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Overpraising the Overseers

books and culture

Overpraising the Overseers

A new book lauds federal bureaucrats, sometimes justifiably, but ignores valid criticisms of what they do. November 16, 2018
Politics and law

The Fifth Risk: Undoing Democracy, by Michael Lewis (W.W. Norton, 256 pp., $26.95)

Following the death of Tom Wolfe, there’s a good case to be made that Michael Lewis is America’s greatest living nonfiction storyteller. He specializes in identifying the drama in the obscure and technical: the advent of mortgage-backed securities in Liar’s Poker; the human story behind a previously uncelebrated football position in The Blind Side; the arcane science of baseball statistics in Moneyball; the unlikely winners in the 2008 financial crisis in The Big Short. That three of those four books have been made into successful movies is even more remarkable. Any new Michael Lewis book carries the expectation that narrative will be married with insight.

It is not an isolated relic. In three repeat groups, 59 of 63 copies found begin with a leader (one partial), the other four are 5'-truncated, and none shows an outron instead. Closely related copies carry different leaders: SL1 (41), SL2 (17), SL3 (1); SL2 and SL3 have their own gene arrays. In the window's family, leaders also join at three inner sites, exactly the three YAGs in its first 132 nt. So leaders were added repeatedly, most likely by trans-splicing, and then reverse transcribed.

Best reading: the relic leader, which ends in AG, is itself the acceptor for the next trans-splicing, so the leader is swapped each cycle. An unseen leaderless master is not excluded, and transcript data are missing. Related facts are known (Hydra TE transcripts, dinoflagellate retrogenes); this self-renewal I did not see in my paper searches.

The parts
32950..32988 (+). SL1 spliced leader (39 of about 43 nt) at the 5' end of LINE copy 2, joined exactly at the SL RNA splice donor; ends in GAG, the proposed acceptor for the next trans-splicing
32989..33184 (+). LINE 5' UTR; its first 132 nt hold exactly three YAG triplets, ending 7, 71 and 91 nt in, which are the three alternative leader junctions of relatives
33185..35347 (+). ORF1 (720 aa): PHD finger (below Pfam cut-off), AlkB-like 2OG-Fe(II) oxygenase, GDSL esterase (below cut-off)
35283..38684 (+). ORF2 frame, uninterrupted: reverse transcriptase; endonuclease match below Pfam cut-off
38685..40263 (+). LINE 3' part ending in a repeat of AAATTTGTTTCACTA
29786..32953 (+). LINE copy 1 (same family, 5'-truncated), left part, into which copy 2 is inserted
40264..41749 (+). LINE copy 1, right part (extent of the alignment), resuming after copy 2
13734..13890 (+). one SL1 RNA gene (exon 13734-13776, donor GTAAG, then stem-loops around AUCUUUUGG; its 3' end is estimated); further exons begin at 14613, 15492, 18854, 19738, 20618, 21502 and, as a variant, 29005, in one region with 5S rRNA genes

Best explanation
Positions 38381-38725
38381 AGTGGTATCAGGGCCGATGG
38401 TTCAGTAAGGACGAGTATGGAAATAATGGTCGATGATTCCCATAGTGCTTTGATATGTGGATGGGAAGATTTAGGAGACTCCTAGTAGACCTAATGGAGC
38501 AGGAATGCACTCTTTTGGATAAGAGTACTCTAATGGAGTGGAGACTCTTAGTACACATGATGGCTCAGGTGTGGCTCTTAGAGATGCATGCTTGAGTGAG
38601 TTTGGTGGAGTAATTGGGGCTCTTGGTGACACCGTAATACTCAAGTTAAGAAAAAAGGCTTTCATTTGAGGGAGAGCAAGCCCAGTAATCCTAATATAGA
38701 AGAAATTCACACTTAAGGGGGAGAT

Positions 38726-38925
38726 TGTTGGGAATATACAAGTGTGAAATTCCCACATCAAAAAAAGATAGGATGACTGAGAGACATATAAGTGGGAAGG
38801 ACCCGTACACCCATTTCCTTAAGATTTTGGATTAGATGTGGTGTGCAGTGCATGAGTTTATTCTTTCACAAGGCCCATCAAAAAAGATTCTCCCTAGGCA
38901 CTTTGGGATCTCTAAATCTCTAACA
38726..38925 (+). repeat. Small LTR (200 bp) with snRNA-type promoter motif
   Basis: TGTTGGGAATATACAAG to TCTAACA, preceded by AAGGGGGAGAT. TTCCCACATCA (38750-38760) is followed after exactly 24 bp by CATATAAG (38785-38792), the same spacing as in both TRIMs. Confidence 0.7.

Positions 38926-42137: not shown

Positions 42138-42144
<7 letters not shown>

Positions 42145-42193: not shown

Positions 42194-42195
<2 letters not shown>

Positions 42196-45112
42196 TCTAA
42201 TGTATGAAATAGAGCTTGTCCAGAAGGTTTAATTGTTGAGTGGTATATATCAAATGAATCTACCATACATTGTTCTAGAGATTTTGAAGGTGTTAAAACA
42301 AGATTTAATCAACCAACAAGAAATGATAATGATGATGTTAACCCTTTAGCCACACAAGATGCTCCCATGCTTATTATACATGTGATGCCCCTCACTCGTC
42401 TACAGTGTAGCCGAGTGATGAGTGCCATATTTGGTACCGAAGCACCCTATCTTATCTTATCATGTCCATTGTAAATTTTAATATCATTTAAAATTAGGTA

And there is, to be sure, some of that in Lewis’s latest, The Fifth Risk. Like most Lewis books, it’s built around the stories of obscure but significant Americans; in this case, a series of high-ranking federal government employees, in such agencies as the Department of Agriculture, the National Weather Service, and the Department of Energy. But he tells his characters’ stories differently than he has in his earlier books. The Fifth Risk is more like an extended op-ed in praise of Obama-era initiatives, with illustrative human-interest asides. It’s no surprise—well, maybe a bit of a surprise—that Barack and Michelle Obama have just acquired the film rights to The Fifth Risk as part of their Netflix production deal.